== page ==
Saturday, September 25, 2010

Hiltzik says Allen suit is an Interval legacy thing

Michael Hiltzik suggests a rationale for Allen's lawsuit:

The lawsuit is more about Interval Research's legacy.

Interval hasn't been mentioned much over the last few years. But while it existed it was the talk of Silicon Valley. To run it Allen hired David Liddle, who had been one of the computer science and engineering pioneers at Xerox's Palo Alto Research Center, the fabled PARC.

Ironically, Xerox's PARC was known for generating good ideas (eg, mouse, ethernet) that were not commercialized by Xerox. Considering that Xerox arose from Chester Carlson, the guy who pushed one good idea against a ton of adversity, this is a real irony. Microsoft arose because IBM didn't understand where clones were going, and didn't know who actually created the first disk operating system.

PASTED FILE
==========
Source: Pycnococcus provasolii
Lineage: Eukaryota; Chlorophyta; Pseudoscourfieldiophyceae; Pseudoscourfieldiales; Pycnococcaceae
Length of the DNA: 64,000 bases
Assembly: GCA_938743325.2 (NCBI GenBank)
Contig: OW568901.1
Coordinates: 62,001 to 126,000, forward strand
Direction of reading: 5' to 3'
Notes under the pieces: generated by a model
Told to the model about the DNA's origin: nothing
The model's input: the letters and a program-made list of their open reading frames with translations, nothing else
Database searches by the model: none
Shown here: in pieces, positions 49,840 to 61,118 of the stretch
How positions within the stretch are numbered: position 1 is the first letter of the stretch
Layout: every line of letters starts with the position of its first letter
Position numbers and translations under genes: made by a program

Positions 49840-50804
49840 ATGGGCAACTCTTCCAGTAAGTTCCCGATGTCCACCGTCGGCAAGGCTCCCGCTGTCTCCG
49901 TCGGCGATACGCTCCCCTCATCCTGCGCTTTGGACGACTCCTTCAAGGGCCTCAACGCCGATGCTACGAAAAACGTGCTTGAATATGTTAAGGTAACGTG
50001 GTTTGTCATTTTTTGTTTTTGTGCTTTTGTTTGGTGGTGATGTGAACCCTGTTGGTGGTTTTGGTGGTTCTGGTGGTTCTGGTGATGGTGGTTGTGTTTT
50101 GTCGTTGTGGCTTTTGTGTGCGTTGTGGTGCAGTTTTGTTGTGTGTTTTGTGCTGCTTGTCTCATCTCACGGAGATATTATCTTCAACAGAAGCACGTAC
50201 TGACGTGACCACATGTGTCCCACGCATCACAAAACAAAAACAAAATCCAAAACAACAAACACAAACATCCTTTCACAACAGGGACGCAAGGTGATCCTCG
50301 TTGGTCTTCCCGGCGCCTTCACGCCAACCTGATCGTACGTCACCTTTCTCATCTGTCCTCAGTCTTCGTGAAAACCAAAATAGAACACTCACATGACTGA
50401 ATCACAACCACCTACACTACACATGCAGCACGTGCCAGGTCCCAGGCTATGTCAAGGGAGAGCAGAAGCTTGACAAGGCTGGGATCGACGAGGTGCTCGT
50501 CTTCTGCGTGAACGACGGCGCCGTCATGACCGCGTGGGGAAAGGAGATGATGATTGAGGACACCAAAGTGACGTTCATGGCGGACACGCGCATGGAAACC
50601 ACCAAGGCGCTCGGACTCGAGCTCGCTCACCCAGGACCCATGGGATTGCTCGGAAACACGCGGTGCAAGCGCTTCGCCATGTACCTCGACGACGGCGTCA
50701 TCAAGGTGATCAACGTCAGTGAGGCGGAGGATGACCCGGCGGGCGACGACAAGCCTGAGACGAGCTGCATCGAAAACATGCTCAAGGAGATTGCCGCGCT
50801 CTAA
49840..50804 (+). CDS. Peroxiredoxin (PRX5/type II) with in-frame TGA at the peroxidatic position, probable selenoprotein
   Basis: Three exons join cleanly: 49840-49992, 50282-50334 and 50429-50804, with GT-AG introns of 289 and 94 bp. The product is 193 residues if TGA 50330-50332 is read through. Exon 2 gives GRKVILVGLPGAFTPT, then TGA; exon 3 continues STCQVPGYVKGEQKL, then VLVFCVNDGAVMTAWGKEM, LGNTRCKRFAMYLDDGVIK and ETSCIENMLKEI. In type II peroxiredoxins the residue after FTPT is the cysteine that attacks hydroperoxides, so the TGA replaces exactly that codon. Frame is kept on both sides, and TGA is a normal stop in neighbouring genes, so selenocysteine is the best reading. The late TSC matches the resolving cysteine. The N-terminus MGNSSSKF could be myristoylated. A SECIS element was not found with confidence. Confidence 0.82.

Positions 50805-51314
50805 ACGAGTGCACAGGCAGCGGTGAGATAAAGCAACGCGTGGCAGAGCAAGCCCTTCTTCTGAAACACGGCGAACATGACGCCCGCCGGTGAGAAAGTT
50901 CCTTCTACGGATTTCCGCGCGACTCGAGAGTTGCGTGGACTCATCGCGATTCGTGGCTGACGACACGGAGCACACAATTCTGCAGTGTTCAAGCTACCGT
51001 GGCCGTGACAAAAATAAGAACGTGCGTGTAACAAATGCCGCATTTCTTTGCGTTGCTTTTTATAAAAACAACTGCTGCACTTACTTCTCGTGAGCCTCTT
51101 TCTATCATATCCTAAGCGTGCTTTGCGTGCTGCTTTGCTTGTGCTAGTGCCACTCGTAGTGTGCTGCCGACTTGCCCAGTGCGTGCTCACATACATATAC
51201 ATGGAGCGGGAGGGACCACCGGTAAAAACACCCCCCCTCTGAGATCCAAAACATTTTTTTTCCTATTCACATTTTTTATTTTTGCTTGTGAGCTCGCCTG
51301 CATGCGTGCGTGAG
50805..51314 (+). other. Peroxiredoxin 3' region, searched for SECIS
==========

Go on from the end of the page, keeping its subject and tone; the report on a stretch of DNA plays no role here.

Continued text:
In Hiltzik's theory, the Allen lawsuit might be to give credibility to discoveries at Interval that didn't even reach the level of those of Xerox PARC.

For patent law matters, Hiltzik quotes Mark Lemley (the guy who said Gary Boone invented the integrated circuit):

"This is a patent troll-style lawsuit," Mark A. Lemley, a patent law expert at Stanford law school, told me. And it is likely to have the same effect as conventional patent troll lawsuits: It will cost the defendants millions.

"They'll certainly have to litigate for a while," Lemley said, predicting that it will take a year and a half of lawyer fees even to get to the point where the defendants can ask a court to throw the case out.


Blogger New said...

I suspect that someone like Paul Allen would not have filed this kind of patent infringement suit unless he thought he had a pretty good chance of winning. And, of course, he can afford top-notch legal counsel. My question is, will Mr. Allen's pledge to give away most of his fortune apply to the (likely pretty hefty) damages if he prevails in this case?

3:12 PM  

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